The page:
Ya'alon tells PM he was misunderstood

Strategic Affairs minister tells Netanyahu that he didn't intend to criticize the government's policies.

By GIL STERN STERN HOFFMAN,
August 20, 2009 20:55
2 minute read.
Ya'alon tells PM he was misunderstood

yaalon with flag sombre 248 88 aj. (photo credit: Ariel Jerozolimski [file])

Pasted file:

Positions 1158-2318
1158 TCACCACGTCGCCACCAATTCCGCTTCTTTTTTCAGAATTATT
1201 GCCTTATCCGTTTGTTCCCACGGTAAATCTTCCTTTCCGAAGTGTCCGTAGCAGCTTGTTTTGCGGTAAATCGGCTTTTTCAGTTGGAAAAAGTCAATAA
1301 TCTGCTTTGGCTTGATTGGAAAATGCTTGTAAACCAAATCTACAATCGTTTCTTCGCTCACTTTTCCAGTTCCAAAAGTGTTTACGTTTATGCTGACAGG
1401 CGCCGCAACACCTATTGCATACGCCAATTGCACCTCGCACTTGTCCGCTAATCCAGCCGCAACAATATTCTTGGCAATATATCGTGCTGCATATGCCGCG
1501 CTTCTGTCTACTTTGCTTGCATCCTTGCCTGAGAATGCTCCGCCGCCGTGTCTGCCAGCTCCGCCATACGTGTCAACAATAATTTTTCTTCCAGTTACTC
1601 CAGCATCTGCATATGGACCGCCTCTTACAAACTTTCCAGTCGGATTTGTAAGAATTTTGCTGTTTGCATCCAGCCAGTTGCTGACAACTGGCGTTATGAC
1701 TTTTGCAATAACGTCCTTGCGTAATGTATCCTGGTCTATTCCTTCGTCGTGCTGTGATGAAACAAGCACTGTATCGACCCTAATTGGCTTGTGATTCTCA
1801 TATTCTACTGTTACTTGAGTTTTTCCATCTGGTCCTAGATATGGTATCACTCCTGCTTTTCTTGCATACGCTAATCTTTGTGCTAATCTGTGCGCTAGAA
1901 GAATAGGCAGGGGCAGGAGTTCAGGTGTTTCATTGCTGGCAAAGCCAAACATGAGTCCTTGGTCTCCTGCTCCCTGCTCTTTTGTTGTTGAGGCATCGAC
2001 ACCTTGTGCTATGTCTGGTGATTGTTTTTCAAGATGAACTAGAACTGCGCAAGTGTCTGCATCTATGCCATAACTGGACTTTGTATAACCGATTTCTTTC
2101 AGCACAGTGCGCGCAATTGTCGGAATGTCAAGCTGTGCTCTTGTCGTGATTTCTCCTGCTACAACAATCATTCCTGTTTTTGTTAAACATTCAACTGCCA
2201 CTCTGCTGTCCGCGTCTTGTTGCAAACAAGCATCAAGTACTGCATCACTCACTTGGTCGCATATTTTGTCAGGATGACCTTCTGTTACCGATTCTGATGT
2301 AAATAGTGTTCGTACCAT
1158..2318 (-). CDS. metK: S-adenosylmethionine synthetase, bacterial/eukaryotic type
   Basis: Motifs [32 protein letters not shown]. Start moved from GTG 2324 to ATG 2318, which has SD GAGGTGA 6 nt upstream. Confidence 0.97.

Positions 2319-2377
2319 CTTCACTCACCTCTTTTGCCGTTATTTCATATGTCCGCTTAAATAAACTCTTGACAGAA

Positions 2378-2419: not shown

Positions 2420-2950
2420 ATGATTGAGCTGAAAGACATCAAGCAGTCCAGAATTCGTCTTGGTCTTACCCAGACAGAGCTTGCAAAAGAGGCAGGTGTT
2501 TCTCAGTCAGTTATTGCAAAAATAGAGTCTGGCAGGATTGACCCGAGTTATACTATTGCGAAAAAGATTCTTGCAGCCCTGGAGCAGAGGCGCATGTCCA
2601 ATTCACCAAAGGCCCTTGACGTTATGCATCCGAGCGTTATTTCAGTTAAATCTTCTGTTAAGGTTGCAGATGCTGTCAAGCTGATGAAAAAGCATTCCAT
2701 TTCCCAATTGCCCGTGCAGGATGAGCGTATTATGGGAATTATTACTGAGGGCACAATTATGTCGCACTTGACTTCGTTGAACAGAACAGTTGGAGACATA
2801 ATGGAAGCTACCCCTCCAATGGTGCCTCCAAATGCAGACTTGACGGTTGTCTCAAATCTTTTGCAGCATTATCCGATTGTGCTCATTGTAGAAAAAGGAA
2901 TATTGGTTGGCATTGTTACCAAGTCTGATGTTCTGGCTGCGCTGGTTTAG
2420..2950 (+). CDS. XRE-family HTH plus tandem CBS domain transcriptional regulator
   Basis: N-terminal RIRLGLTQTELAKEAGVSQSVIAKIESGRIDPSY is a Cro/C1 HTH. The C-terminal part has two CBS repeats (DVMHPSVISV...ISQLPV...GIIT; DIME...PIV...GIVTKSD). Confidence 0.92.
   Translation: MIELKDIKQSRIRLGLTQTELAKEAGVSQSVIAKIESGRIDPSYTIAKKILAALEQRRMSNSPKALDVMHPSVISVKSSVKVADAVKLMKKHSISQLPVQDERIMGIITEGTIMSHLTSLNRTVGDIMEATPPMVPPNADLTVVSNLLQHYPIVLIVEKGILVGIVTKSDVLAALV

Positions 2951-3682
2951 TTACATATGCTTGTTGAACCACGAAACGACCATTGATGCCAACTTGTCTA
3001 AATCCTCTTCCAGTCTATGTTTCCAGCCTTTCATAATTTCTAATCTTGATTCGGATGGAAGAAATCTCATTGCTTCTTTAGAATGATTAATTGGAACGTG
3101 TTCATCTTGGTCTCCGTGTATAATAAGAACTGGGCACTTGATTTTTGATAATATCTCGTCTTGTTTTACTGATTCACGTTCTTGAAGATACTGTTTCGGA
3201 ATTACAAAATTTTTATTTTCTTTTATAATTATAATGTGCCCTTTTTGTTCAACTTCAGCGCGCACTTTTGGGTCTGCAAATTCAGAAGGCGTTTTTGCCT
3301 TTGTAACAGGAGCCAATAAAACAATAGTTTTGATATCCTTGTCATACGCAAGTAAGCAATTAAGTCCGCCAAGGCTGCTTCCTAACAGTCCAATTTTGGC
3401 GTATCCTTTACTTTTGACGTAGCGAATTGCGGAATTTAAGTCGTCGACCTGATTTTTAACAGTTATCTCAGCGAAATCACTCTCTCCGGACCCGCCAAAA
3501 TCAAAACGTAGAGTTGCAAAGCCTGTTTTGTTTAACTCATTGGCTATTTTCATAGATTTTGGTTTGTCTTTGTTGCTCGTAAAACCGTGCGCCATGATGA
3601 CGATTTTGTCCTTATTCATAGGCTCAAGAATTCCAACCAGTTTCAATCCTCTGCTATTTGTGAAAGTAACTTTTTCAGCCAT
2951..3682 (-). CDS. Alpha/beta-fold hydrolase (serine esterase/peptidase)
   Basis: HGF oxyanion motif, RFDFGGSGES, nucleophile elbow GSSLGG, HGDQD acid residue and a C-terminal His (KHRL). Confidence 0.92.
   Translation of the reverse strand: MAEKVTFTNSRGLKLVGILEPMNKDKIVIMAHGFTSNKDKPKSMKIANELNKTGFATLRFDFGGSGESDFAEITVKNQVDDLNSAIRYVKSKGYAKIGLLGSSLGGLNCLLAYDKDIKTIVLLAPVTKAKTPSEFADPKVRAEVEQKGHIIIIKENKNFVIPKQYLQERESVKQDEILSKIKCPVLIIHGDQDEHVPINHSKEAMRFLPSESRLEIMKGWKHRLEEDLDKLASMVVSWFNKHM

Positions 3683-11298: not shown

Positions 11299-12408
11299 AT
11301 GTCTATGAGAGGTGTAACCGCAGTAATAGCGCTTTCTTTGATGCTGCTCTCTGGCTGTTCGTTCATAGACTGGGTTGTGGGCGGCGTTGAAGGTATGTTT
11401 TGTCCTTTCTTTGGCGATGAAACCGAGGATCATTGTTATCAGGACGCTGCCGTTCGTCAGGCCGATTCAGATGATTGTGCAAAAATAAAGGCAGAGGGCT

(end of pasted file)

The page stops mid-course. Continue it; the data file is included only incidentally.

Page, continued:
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Prime Minister Binyamin Netanyahu did not fire Vice Premier Moshe Ya'alon on Thursday for controversial comments he made on Sunday in a speech to the Likud's Manhigut Yehudit forum of Netanyahu's nemesis, Moshe Feiglin. Ya'alon participated in a high-level consultation with Netanyahu and other top officials after the meeting, indicating that Ya'alon had not been fired from the full cabinet, the security cabinet or the prestigious six-member inner cabinet. Ya'alon told Netanyahu that his words had been misunderstood. He said he did not intend to criticize the government's policies, and he apologized if his words were interpreted that way. In his speech on Sunday in the capital, Ya'alon denounced the power of the press and other "elites" in Israel and called Peace Now "a virus." The IDF often had to clean up the mess left behind by "politicians' peace doves," he said. "I for one am not afraid of the Americans," Ya'alon said. "I believe that Jews have the right to live anywhere in the land of Israel, forever." Government officials said Ya'alon's comments would have diplomatic ramifications, because it would be difficult for Netanyahu to explain abroad how such a senior official, someone who was his minister for strategic affairs and a member of his inner cabinet, did not speak for him or the government. Any attempt by the prime minister to say in private meetings that there was no need to pay attention to Ya'alon were likely to fall on deaf ears, the officials said, since Ya'alon is considered abroad to be a security expert who very much has the prime minister's ear. Indeed, Ya'alon's office, along with that of Defense Minister Ehud Barak and Deputy Foreign Minister Danny Ayalon, have become regular stopping grounds for foreign visitors trying to get a read on government policy. While one official said he didn't think Ya'alon's statement about not being afraid of America would cause any strain in relations with the US, "it certainly didn't help anything." "It's not about the damage," the official said. "It's just that it was a childish thing to say." Ahead of the meeting, Likud ministers refused to back up Ya'alon out of fears of facing Netanyahu's wrath. The only Likud minister who defended Ya'alon in the press was Government Services Minister Michael Eitan, who used the interviews to accuse the media of overreacting because the Left was attacked and not the Right. Some Likud politicians even called on Netanyahu to punish Ya'alon, and said the prime minister made a mistake when he brought him into the party. They accused Ya'alon of being out to get Netanyahu's job and said he made his comments for political and not ideological reasons. Politicians on the Left slammed Ya'alon. The Labor Party's young guard wrote Attorney-General Menahem Mazuz, calling upon him to investigate Ya'alon for sedition and incitement to commit a crime. "There is no doubt that Mussolini would be proud of Ya'alon's behavior and his style of talking," former Meretz leader Shulamit Aloni said. "Ya'alon was a failed chief of General Staff, and now he is a failed legislator. He should take lessons in democracy before he does more damage." Feiglin defended Ya'alon and accused the media of "a targeted assassination against the most positive factor in the government." Feiglin told Israel Radio that "calling Peace Now a virus is an insult to viruses, because Peace Now has caused countless more deaths than any virus." The Council of Jewish Communities in Judea, Samaria and the Gaza Strip said of Peace Now, "They are not a virus, they are traitors. You don't have to be chief of staff of the IDF to realize the danger caused by extreme leftist groups."•

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